J. L. BELL is a Massachusetts writer who specializes in (among other things) the start of the American Revolution in and around Boston. He is particularly interested in the experiences of children in 1765-75. He has published scholarly papers and popular articles for both children and adults. He was consultant for an episode of History Detectives, and contributed to a display at Minute Man National Historic Park.

Follow by Email

Thursday, October 21, 2010

Songs in Lexington (and One Particular Song from Castle Island)

This Friday, 22 October, the Lexington Historical Society will host a reception celebrating the release of a new C.D. from Diane Taraz called Songs of the Revolution. Taraz will be joined by Jonathan Gilbert on vocals, recorder, and mandolin, and by the Lexington Historical Society Colonial Singers. The organization’s announcement says, “Drop in anytime between 7 and 9 pm,” and promises refreshments as well as music.

One song on Taraz’s album is “The Castle Island Song,” so named in Frank Moore’s Songs and Ballads of the American Revolution, published in 1856. Using the tune of “Derry Down,” that song has become a staple of Americana since being widely republished during the Bicentennial. I was already looking into its history when I saw Taraz’s C.D. for sale.

Moore stated:

These verses appeared in a broadside, a short time after the “massacre of the fifth of March,” 1770, as a “new song much in vogue among the friends to arbitrary power, and the soldiery at Castle Island, where it was composed, since the troops have evacuated the town of Boston.”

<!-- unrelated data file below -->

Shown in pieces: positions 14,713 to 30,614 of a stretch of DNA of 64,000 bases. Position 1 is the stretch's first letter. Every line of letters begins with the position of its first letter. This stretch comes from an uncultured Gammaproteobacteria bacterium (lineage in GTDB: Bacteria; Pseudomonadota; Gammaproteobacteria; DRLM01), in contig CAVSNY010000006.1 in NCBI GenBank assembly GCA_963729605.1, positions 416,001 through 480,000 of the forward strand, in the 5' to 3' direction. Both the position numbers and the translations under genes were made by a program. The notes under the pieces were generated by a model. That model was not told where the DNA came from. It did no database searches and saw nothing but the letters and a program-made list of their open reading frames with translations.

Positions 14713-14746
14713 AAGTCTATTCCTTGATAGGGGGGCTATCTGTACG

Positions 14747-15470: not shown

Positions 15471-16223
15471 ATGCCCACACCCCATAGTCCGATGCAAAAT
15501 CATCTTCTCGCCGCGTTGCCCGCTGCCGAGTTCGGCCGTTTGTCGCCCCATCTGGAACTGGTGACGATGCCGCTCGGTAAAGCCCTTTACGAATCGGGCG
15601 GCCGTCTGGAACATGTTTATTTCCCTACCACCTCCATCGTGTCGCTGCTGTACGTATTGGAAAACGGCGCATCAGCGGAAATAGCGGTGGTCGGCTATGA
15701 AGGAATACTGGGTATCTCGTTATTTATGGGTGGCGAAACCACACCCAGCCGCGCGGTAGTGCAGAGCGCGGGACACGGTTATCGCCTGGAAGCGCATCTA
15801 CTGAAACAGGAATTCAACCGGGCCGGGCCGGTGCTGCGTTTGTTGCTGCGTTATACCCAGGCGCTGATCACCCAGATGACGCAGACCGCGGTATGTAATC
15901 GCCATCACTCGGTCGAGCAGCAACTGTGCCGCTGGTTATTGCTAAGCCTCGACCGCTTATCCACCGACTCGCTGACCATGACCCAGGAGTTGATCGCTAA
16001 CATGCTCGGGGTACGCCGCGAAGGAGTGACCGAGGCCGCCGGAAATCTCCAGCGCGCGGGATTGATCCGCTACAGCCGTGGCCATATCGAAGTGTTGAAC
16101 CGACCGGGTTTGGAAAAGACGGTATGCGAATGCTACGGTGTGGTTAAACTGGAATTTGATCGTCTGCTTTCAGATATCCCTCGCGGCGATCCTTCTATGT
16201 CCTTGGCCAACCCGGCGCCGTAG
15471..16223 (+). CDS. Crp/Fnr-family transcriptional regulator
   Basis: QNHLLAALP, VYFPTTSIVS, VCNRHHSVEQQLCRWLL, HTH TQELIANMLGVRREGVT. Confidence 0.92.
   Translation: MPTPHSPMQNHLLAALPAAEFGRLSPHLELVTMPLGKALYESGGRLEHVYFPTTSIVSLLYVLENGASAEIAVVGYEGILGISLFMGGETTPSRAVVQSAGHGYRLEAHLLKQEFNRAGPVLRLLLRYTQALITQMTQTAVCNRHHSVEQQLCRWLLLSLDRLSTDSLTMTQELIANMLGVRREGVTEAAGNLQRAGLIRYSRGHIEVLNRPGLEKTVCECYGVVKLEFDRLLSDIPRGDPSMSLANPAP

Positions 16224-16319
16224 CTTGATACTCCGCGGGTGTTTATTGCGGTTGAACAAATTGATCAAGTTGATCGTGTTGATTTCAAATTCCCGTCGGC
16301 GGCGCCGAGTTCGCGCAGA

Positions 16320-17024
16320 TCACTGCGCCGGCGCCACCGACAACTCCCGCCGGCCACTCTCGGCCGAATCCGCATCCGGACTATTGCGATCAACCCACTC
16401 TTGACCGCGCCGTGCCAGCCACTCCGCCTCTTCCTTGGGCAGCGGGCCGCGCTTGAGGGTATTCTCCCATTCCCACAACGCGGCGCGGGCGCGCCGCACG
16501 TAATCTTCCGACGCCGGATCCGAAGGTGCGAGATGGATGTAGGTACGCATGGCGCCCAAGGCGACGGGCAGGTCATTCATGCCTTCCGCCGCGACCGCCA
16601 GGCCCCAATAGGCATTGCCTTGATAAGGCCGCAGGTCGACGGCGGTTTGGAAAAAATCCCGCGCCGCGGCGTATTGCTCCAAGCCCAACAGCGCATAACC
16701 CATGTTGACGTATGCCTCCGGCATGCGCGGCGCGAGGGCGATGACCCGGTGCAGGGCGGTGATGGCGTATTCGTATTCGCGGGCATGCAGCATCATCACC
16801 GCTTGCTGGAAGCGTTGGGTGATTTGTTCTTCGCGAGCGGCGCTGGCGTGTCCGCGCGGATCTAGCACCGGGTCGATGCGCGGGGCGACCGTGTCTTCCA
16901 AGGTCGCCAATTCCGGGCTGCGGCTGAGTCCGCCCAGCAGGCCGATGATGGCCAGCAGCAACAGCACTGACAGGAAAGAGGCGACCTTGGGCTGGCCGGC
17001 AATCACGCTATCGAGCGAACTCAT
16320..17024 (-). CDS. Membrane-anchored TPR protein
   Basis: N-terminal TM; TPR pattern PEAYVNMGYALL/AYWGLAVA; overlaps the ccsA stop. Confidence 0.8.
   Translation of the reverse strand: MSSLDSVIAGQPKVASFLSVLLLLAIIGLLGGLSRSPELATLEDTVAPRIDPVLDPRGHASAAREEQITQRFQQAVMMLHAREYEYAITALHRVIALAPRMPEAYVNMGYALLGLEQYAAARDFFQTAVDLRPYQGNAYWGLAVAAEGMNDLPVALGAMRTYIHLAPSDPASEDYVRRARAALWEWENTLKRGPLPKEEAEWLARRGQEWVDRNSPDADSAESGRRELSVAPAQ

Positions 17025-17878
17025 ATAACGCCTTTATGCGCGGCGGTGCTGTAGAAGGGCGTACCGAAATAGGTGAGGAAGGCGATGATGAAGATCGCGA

Loyalists didn’t describe themselves that way, of course; only Whigs would have called them “friends to arbitrary power.” Some historians even say the whole song was composed by Whigs as a provocation. The lyrics certainly are provocative:
You simple Bostonians, I’d have you beware,
Of your liberty Tree, I would have you take care,
For if that we chance to return to the town,
Your houses and stores will come tumbling down,
Derry down, down, hey, derry down.

If you will not agree to Old England’s laws,
I fear that King Hancock will soon get the yaws.
But he need not fear, for I swear we will,
For the want of a doctor, give him a hard pill.

A brave re-inforcement we soon think to get;
Then we will make you, poor pumpkins, to sweat;
Our drums they’ll rattle, and then you will run
To the devil himself, from the sight of a gun.

Our fleet and our army, they soon will arrive,
Then to a bleak island, you shall not us drive.
In every house, you shall have three or four,
And if that will not please you, you shall have half a score.
Derry down, down, hey, derry down.
My questions about this song start with the fact that nobody appears to have found that broadside besides Moore. It’s not mentioned in Broadsides, Ballads, &c. Printed in Massachusetts, 1639-1800 (1922) or Massachusetts Broadsides of the American Revolution (1976). No copies are reproduced in the Archive of Americana or American Memory databases.

I associate the phrase “King Hancock” with the mid-1770s, and the lyrics about “Our fleet and our army” and “In every house” seem to reflect understandings dating from years or decades after 1770. “The Castle Island Song” can be lovely music, but I suspect it really belongs in the category of “remembering the Revolution.”

1 comment:

J. L. Bell said...

My suspicion was wrong. I found a version of this song published in the Boston Gazette in March 1770. The headline is somewhat different from what Moore quoted but still clearly implies the verses were composed by soldiers from the regiments just ordered out of Boston.